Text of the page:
In Melbourne, Australia, a 1960s family home has been updated with a new contemporary extension that draws inspiration from a traveling caravan. Flanked by lush greenery, the Bent Annexe is filled with natural light and designed to follow passive solar principles for energy efficiency. The modern addition was designed by Australian architectural practice BENT Architecture for an outdoor-loving family of four and their two active Dachshunds.

The primary goal of the Bent Annexe was to open the relatively introverted midcentury home up to the garden and bring greater amounts of natural light and ventilation into the living spaces. To that end, the architects removed existing ancillary structures in the rear of the property to make space for the new addition. With the primary living spaces now located in the annex, the architects also took the opportunity to remodel the existing dwelling, which now houses larger bedrooms, a family bathroom, and a second living space.

exterior of home with greenery and children playing outside with Dachshunds

lounge area inside home with large windows and timber walls

“The trick to making the Annexe feel like a part of the garden is creating green spaces on both sides, by separating the addition from the original home with a courtyard,” the architects explain of their design process. “Of course, the central courtyard improves cross-flow ventilation and lets north light into the master bedroom, but with full-height windows on both sides of the living area, it also creates the illusion of one continuous space, blurring the boundary between inside and outside.”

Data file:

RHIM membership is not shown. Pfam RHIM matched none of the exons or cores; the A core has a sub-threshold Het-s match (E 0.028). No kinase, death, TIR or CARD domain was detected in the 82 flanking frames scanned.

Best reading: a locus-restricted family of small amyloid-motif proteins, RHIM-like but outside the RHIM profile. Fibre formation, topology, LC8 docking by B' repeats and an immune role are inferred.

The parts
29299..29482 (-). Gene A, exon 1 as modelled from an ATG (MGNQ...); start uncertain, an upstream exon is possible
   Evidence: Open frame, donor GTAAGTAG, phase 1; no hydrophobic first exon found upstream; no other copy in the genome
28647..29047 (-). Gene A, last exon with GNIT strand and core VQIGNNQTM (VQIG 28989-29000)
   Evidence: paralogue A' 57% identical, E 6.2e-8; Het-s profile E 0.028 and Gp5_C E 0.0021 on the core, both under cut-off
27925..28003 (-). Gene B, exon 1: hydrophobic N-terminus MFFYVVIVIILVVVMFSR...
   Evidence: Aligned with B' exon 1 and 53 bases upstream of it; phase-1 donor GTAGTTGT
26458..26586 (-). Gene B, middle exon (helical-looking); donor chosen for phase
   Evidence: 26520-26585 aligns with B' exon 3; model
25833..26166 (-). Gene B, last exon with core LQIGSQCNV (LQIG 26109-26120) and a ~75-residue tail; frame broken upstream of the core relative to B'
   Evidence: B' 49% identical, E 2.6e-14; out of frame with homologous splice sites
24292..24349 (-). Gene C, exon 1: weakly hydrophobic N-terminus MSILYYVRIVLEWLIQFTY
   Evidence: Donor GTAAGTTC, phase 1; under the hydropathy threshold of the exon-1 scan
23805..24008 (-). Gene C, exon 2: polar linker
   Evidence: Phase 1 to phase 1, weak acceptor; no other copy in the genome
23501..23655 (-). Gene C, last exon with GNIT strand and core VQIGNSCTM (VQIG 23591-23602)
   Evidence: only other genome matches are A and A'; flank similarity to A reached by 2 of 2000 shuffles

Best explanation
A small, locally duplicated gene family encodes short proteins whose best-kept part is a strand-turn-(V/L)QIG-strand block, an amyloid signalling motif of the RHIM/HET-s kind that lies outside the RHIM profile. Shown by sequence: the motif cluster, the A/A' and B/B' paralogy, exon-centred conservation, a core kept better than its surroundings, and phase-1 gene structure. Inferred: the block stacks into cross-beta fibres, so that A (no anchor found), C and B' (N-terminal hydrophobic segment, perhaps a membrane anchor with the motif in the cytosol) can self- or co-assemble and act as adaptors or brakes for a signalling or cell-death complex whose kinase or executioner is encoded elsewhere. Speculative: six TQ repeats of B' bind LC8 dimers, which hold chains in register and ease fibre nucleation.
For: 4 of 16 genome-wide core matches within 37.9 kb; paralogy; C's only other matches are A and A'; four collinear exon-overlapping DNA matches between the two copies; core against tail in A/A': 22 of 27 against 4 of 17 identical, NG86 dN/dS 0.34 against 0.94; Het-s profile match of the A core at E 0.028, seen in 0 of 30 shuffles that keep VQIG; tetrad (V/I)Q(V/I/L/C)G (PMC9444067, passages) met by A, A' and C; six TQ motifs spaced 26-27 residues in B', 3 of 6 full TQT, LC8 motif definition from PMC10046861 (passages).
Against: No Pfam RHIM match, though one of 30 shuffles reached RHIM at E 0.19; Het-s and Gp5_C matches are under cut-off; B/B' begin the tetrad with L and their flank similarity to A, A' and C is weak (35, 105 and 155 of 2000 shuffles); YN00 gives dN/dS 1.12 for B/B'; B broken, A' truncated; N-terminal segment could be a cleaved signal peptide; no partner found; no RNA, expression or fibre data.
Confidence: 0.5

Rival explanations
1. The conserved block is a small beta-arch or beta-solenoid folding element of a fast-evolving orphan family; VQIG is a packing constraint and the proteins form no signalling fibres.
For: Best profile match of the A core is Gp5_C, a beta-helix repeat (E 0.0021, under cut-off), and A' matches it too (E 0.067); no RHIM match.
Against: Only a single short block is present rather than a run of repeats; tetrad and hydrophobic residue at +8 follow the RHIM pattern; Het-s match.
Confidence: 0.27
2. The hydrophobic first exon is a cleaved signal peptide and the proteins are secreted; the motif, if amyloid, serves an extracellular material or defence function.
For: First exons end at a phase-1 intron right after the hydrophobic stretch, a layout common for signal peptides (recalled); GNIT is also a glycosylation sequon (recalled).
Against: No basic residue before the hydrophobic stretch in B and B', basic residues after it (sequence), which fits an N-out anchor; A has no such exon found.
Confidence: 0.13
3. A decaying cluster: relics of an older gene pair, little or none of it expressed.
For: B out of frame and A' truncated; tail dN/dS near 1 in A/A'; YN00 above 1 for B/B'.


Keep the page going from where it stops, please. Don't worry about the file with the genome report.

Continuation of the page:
living area with wood furniture and painted brick and tile floors with lots of windows

woman sits on garden wood box while children lay and water plants near drive way

brick lines the home's exterior with plants surrounding the entrance

Related: A 1960s home gets a modern facelift with solar panels and rainwater collection

Built to wrap around the original home beneath a continuous roofline, the extension houses open-plan living areas that overlook the landscape through full-height glazing and casement windows. A retractable shading device—a caravan-inspired canvas element—provides shade to a decked outdoor dining area that strengthens the home’s new indoor/ outdoor connection. The use of concrete floors for thermal mass and operable louver windows help passively heat and cool the space to reduce the home’s energy bills.

+ BENT Architecture

Via ArchDaily

Images © Tatjana Plitt

dinning area with wood table and walls

white kitchen cabinets with green tiles and surrounding black painted brick and wood